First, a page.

Add that company page to your profile and the profiles of everyone who works at your company. It gives your page more legitimacy. Then use these LinkedIn profile tips to optimize your own presence:

  • Headshot
  • Tagline (include 1-2 keywords)
  • Business/position description needs keywords too
  • Include relevant industry certifications
  • Show off your industry presence at expos and trade shows
  • Volunteer experience, especially if it’s local

The idea is to gear your personal and company profiles to appear in searches and to layer on a sense of experience and community involvement. The goal of this LinkedIn content strategy for business is to become prominent in your target customers’ communities, whether that’s defined geographically or by interest.

Grow Your Network Through Offline Meetings

Full stop: adding LinkedIn connections you’ve never met is a bad idea.

People who do it try to normalize it by calling themselves “LIONS” (LinkedIn open networkers), but it just fills up space with people who will never help your business. Here’s why:

  • They have zero interest in your business
  • They have zero interest in your value proposition
  • They have zero interest (or trust) in you as a professional

Not super valuable as connections go, obviously. That’s why you need to grow your network outside of LinkedIn itself. Sure, feel free to add some connections you meet in online groups (we’ll get to that later), but don’t make it your go-to strategy.

Instead, you should meet your connections the good-old-fashioned way:

  • Networking events
  • Customer referrals
  • Organic search
  • Volunteer work

Leads you meet those ways are worth so, so much more than some faceless profile across the internet. Natural connections are interested in your business and you as a professional, making them 10 times more qualified to buy from you.

You want to distribute your LinkedIn content to those people, so build your network with care—even if it happens slowly.

Join a Select Few Useful Groups

You can start acquiring LinkedIn leads from groups after you’ve built a foundation of offline connections.

First, ask permission to join groups that you think are relevant to your niche, but don’t go overboard. As a digital marketer, I’d join groups about SEO, content strategy, and even website creation. But I wouldn’t join groups about technology or real estate—its members expect expertise and discussions that I’m not qualified to provide and I’m sure they wouldn’t appreciate some marketer buzzing around their ears.

That touches on a larger pillar of making a successful LinkedIn content marketing strategy for business. Don’t give people a hard sell or bombard them with shallow content!

Just help out. Providing tips and answers gets you much farther than pushing people to try out a retainer when they’re not feeling quite sure about it.

And make sure you clean out the groups you’re not interested in anymore. I’d completely forgotten that I had joined over a dozen groups related to some of my peripheral interests back when I was still in college, and I’m sure it threw LinkedIn’s algorithms for a loop.

Curate your LinkedIn group presence. Building it brick by brick makes it stronger than just spamming groups that everyone has joined already.

 

Ditch the Pitch. Help Instead.

Have you ever proposed to someone on a first date?

Of course not. You’re not delusional.

So why do people go for the hard sell on social media? They’ll introduce themselves and their business all in the same virtual breath, as if you’re supposed to care. You have a project to complete, errands to run, and maybe even kids and a side hustle to  juggle. You don’t have the time of day to answer 20 questions for someone who’s just looking to make a sale and move on.

So why would you ever try that on someone else?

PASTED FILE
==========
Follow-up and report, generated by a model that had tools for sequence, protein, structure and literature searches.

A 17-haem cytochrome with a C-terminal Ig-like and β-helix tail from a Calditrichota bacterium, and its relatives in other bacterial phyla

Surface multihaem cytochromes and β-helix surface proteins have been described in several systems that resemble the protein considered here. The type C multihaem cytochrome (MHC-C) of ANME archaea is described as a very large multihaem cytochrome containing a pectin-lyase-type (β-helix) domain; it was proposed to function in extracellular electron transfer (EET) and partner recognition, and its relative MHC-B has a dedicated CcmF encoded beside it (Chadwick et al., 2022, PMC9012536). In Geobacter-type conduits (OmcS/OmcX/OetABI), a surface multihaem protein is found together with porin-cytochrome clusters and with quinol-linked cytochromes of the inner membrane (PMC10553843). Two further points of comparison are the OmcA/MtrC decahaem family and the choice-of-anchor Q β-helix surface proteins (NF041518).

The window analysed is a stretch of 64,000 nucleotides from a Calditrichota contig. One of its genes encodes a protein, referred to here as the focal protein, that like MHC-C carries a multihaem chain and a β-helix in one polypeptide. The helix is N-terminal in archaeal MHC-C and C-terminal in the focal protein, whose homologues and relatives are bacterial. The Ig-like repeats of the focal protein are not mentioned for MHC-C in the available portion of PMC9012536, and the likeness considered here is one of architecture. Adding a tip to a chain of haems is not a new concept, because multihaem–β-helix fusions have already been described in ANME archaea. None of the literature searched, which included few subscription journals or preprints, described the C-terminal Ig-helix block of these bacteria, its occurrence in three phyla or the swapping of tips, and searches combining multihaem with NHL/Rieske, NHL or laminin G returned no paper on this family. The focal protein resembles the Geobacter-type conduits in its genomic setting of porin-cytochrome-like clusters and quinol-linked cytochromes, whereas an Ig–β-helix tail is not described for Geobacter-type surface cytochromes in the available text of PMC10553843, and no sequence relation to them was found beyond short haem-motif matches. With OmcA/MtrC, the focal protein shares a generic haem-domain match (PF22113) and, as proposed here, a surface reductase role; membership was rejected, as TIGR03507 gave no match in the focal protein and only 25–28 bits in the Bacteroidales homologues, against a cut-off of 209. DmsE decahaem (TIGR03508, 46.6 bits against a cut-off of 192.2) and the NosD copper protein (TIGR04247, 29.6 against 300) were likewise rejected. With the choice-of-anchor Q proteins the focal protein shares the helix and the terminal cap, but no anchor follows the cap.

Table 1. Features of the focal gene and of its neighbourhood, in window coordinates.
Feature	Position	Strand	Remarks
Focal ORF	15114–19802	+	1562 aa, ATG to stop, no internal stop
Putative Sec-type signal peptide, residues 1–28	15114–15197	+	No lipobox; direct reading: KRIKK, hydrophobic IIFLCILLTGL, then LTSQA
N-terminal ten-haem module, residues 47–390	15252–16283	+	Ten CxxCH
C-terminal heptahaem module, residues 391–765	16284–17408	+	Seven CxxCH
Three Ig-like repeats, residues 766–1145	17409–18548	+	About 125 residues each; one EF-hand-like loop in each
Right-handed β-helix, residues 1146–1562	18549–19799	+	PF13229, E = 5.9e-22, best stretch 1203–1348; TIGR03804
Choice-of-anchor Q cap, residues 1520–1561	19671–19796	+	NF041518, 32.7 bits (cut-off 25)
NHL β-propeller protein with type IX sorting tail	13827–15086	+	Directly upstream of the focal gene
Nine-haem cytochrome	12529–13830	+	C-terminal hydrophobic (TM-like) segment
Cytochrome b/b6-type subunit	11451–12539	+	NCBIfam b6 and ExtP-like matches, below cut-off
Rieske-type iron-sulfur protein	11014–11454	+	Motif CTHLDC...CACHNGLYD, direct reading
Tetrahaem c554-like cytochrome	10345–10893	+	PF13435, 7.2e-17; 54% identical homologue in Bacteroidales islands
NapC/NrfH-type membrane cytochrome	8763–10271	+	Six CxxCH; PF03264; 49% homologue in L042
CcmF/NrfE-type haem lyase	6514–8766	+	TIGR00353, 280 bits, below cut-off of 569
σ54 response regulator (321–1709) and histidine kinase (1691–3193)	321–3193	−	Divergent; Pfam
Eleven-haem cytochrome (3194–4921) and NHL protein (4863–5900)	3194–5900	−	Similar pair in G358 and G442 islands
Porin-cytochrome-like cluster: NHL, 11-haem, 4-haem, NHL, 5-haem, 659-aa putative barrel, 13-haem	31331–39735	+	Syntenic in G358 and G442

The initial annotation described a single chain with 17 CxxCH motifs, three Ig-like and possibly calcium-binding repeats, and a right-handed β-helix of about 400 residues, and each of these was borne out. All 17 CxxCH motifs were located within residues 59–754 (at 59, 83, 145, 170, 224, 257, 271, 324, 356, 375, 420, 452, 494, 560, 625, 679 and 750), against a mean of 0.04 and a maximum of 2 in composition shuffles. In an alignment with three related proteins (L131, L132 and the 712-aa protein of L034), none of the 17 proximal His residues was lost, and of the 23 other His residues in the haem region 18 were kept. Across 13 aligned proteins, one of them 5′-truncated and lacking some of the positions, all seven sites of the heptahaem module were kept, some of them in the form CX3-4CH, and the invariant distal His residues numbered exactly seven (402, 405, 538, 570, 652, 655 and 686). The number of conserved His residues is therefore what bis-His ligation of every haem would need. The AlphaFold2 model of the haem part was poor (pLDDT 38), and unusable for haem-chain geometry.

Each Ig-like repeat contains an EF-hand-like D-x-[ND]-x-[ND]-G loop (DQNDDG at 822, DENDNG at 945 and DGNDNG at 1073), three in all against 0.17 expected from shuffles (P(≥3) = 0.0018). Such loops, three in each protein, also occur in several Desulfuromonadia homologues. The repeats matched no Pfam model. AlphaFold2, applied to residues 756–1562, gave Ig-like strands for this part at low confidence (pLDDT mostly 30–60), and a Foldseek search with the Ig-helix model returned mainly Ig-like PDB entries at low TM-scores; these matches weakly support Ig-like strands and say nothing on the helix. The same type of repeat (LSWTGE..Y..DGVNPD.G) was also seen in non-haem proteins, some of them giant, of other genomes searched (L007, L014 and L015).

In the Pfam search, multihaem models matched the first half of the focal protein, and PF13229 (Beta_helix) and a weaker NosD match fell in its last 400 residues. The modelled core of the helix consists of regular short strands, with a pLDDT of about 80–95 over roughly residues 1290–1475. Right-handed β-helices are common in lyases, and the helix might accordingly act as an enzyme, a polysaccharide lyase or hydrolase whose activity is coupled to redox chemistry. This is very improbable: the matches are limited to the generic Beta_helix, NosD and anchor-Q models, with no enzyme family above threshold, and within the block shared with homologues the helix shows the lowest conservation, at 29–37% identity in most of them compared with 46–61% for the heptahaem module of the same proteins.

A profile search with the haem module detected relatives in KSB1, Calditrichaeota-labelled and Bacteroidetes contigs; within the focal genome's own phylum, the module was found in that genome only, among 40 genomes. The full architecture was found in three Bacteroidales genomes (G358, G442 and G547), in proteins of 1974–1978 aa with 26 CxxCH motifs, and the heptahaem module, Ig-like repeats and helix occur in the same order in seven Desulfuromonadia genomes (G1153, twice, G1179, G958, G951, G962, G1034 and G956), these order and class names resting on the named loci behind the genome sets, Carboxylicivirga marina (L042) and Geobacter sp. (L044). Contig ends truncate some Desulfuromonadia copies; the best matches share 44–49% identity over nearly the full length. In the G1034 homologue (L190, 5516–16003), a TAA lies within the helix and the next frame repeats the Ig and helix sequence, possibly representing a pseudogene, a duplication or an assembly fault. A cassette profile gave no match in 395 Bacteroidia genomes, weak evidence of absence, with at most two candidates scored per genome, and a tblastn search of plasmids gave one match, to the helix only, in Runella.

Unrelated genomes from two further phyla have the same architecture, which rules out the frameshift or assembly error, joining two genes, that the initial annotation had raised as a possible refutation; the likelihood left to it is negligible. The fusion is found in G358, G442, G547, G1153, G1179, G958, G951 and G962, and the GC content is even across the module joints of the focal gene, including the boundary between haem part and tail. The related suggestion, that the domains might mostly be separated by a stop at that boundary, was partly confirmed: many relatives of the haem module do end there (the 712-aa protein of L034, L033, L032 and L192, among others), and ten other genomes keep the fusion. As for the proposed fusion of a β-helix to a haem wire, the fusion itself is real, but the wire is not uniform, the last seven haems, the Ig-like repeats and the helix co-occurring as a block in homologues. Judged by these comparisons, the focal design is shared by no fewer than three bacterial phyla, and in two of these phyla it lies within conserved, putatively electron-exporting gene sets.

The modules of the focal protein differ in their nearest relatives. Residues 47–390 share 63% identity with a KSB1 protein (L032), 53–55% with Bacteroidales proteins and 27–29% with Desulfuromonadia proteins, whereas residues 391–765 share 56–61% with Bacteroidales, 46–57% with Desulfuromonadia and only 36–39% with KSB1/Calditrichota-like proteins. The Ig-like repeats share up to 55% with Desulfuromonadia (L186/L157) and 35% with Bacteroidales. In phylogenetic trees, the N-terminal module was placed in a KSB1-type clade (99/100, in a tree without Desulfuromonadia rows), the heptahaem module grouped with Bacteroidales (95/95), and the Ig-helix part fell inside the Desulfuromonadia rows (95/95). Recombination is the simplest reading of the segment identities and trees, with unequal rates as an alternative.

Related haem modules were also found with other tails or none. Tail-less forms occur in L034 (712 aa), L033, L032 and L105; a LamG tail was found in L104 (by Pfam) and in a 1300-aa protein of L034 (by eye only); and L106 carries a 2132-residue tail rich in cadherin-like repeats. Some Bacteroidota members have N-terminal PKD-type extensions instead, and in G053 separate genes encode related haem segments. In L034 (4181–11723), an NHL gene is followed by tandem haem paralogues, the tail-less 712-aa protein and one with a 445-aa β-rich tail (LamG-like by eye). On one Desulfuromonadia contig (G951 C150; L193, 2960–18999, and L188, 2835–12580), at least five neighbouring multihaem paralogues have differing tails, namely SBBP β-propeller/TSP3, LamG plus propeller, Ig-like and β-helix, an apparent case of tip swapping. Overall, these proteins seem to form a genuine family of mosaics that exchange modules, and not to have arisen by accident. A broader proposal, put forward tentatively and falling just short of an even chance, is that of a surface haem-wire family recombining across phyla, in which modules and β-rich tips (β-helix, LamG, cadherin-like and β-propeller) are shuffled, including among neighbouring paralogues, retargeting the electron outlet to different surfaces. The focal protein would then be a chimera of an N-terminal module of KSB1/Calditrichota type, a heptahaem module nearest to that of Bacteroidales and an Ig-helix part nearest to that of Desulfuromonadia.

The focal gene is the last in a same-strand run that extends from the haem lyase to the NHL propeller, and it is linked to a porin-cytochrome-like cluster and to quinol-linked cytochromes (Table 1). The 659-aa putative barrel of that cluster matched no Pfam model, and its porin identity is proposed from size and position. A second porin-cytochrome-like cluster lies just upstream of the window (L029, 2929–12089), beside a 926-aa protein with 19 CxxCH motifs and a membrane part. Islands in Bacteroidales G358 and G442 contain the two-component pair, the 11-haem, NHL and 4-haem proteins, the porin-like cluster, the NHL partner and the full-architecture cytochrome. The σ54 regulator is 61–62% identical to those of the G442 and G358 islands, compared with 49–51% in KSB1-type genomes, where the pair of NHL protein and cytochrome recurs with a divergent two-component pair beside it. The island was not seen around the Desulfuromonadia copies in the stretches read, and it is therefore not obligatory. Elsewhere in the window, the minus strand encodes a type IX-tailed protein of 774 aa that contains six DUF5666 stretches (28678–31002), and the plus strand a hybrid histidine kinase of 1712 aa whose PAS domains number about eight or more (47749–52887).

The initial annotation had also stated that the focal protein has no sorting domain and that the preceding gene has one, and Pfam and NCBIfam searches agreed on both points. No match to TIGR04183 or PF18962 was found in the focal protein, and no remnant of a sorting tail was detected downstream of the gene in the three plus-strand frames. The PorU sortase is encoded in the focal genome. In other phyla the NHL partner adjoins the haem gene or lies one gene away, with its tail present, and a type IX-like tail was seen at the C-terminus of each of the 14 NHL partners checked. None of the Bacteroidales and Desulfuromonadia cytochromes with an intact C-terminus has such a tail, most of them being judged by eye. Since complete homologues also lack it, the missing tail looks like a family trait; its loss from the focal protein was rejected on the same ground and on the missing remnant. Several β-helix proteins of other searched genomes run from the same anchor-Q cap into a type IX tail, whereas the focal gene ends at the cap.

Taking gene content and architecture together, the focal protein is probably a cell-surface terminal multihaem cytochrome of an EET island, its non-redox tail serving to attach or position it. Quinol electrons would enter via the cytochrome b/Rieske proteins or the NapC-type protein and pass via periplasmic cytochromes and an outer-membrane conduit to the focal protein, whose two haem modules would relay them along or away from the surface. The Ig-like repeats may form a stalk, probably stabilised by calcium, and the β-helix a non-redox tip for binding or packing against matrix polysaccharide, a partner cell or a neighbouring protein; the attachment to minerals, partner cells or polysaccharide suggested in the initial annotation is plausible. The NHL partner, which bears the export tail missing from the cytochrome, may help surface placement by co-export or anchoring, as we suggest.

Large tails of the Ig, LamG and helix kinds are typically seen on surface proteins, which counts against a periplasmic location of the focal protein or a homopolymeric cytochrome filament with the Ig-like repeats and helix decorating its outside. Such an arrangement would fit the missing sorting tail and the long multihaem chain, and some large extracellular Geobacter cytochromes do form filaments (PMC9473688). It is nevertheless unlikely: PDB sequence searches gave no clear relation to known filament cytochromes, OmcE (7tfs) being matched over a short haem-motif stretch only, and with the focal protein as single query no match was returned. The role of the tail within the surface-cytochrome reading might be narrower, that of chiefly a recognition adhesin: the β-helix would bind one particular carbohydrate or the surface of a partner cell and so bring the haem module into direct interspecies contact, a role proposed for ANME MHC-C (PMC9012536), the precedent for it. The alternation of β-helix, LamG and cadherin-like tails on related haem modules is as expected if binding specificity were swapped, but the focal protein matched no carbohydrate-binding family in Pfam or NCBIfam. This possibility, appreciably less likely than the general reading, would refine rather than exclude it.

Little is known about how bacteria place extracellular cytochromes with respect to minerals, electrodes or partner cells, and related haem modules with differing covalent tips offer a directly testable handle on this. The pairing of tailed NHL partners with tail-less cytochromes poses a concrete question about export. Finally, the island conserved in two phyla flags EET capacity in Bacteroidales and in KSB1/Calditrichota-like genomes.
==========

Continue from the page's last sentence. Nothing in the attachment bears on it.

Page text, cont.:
Save the elevator pitch for Dragon’s Den. Just help leads get where they need to go instead. It’s not just about accruing good will, either—it’s about earning leads’ respect and trust as a useful contact who doesn’t try to sell them anything. There’s a utilitarian angle at play as well.

That’s what it means to be a trusted advisor, and there’s no better cap to wear when it’s actually time to sell something.

And you’ll only earn trust that way. There aren’t any short cuts, either. Just help people and make them aware of your services. When people feel the business pain and trust you enough, they will inquire about doing business with you in some form.

How Your LinkedIn Content Strategy for Business Comes Together

So you’re posting content, writing some new stuff, following groups, and setting aside even more time to be genuinely helpful.

What does it get you?

You get a lot more digital real estate, to start. LinkedIn’s newsfeed moves slower than Facebook, so a few thoughtful posts and comments will stay afloat for your connections to see even longer.

Now, consider how you’ll appear to potential leads:

  • You’re posting helpful content, and you’re clearly on top of the conversation
  • You’re accessible in groups where they’ve been reading up.
  • Your activity demonstrates that you find answers for other group members
  • You even have your own thoughts on the industry and some of its challenges

All of that contributes to your image as a trusted advisor, and for good reason—there isn’t a way to fake it over the long haul. Those qualified leads will know that they can come to you without wondering if every second word is a sales pitch or not.

That’s the customer you want. And with this LinkedIn content strategy for business, you can carve out your own LinkedIn content marketing strategy to create a beacon for them.

 

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Andrew

Andrew

Andrew is the SEO and content marketing consultant at Webb Content. He worked in several agencies full-time and alongside another 7 as a freelancer, then went in-house to give Ontario's insurance industry a kick in the pants. Now he works with small and medium businesses to build consistent, long-term traffic. He still writes content in his free time, too. It's kind of an addiction.

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Andrew

Andrew

Andrew is the SEO and content marketing consultant at Webb Content. He worked in several agencies full-time and alongside another 7 as a freelancer, then went in-house to give Ontario's insurance industry a kick in the pants. Now he works with small and medium businesses to build consistent, long-term traffic. He still writes content in his free time, too. It's kind of an addiction.